Scholarly Goal


Celebrating Research 2012For the fifth straight year, the Purdue Libraries Research Council hosted Celebrating Research and Scholarship (CR&S) on Nov. 12. This event is planned to showcase research in all its phases, from the early spark of an idea to a funded grant proposal and everything in between. It's a great opportunity to learn what our colleagues are working on and to generate new research ideas and collaborations. It's always amazing to see the breadth of what is being accomplished! Topics this year included data and information literacy, GIS and patron driven acquisition.

This year's CR&S showcased 29 abstracts — the largest number so far! A tight timeframe was necessary to present them all in two hours and Scott Brandt kept the presenters moving at a fast clip. Lunch provided opportunities for questions and deeper discussion of the presentations. The Research Council subcommittee for CR&S was Ilana Barnes, Megan Sapp Nelson and Maribeth Slebodnik.

Slides, abstracts and breakout notes from the 2012 CR&S and its predecessors can be found on the Libraries Intranet at http://intranet.lib.purdue.edu/pages/viewpage.action?pageId=34308126.


Goal Learning



AV Tech Library training spacesThree years ago, Purdue's Aviation Technology department became the first collegiate program to offer an entry level jet pilot rating. When the head of the new Phenom 100 Program, Christopher Carrier, needed to find a training space for his students, the Aviation Technology Library embraced the opportunity to meet the new needs of the department. Purdue Professional Flight students from AT 395 Turbine Flight Sim Lab classes needed a place to view specialized Phenom 100 and Garmin Prodigy Software before they advanced to full simulator training. The software allows students to depart and land from a simulated airport, set their destination, altitude and use autopilot.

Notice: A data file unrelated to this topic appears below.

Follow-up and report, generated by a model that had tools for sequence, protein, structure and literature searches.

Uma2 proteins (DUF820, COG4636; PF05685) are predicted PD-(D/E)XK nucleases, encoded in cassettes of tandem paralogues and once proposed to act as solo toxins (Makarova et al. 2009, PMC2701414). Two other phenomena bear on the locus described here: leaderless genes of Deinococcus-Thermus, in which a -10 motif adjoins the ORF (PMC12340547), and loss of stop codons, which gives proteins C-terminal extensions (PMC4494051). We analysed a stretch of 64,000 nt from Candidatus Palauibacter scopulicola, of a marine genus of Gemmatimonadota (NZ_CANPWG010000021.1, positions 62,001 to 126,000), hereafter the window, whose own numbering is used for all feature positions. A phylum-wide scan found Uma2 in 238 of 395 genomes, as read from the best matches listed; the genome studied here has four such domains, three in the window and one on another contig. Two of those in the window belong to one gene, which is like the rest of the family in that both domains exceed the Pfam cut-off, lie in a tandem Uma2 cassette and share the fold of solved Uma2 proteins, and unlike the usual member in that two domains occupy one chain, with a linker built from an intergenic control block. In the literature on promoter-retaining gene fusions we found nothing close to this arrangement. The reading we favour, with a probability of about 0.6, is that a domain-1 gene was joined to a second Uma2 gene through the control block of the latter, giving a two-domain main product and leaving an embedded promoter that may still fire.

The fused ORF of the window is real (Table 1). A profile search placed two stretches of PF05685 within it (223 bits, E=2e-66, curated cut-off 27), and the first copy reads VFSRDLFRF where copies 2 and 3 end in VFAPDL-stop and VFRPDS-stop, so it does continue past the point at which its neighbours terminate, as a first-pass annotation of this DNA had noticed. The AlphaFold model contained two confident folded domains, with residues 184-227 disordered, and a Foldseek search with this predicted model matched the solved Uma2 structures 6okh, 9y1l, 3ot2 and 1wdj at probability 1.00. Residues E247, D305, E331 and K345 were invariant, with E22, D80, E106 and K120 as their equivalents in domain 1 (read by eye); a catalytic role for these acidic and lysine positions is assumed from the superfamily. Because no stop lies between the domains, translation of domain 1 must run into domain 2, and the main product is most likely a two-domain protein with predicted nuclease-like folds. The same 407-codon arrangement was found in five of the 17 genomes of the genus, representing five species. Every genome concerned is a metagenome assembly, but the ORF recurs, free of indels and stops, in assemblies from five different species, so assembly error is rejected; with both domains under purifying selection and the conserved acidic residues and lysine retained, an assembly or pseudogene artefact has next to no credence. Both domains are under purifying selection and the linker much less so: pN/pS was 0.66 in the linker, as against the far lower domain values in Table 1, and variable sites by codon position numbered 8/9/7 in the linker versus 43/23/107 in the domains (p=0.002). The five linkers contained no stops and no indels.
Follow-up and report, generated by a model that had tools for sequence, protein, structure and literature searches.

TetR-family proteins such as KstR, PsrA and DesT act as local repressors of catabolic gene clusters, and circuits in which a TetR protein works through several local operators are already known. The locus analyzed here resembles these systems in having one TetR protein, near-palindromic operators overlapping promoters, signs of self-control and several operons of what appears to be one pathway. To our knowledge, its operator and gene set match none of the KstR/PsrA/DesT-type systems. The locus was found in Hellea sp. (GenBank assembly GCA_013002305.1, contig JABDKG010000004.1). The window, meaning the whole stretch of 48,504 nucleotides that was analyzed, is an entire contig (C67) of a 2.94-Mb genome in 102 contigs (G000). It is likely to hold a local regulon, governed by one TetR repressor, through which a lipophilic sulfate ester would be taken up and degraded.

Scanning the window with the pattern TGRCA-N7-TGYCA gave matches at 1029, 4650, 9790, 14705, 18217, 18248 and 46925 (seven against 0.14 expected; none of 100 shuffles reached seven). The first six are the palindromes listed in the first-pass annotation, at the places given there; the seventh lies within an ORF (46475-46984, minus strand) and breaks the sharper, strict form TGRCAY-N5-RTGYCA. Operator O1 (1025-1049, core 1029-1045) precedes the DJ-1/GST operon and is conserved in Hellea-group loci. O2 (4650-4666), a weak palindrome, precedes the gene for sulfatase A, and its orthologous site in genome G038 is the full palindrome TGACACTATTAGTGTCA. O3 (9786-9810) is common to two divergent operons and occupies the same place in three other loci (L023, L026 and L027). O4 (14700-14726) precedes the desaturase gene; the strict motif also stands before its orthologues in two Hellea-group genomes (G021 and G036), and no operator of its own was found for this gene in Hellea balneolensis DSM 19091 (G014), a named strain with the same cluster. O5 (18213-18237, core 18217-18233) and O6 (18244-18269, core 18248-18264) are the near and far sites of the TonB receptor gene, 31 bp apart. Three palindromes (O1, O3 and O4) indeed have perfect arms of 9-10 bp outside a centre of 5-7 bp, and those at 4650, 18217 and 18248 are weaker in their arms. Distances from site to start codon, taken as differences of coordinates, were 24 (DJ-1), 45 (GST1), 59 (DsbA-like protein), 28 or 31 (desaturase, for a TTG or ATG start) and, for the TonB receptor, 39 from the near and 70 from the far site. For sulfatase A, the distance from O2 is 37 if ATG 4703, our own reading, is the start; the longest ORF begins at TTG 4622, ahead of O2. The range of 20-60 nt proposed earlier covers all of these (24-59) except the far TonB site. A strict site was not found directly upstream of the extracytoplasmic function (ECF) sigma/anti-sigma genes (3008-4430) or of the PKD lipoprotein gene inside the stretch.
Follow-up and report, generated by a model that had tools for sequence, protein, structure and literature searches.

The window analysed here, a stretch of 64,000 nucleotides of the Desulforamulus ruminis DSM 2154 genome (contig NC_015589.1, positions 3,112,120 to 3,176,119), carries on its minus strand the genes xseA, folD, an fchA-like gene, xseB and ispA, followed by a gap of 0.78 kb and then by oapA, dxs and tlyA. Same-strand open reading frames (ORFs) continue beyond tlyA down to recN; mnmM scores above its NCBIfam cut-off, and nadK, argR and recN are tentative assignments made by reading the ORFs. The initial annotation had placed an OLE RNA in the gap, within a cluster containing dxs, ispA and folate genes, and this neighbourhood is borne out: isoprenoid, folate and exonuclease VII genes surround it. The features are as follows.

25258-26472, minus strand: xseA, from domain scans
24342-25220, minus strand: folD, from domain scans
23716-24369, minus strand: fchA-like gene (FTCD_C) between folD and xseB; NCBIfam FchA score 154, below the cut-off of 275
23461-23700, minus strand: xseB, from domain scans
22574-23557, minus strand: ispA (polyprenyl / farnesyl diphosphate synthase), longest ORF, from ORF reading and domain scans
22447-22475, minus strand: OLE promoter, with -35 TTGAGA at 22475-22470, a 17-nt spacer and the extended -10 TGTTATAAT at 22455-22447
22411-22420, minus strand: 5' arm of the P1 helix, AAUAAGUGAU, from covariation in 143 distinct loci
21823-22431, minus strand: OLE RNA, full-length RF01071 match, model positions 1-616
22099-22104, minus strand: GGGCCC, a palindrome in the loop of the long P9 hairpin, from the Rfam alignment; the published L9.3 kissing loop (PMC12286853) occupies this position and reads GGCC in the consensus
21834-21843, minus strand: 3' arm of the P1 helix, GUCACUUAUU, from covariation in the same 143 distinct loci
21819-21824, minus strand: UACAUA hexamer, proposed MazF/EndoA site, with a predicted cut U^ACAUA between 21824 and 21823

The library's generous study room which comfortably accommodated 8-10 patrons has been updated with paint, a white board and furniture provided by the Libraries and the department provided a Dell workstation with dual monitors loaded with specific Phenom and Garmin software. A large poster mounted to the wall of room with the Phenom main instrument panel, left and right consoles and control yokes allows students to do low-tech simulations as well.

This collaborative project has been quite successful in meeting new needs for our primary users in the Aviation Technology Library. The library's extended hours allow students more flexibility in putting in their practice time and the integration of important resources in the library makes it an even more attractive destination for students for their out of class learning.

In the photo above Kyle Wagoner, a student in AT 354 Turbine Flight Operations, is using the Phenom Training Room in the Aviation Technology Library.


Infrastructure Goal


SMILE Award Jim Derringer and Jim Mullins October 2012Jim Mullins hands Jim Derringer a $25 Von's Book Shop gift certificate after Jim D's name was randomly drawn from those who were SMILED upon in October!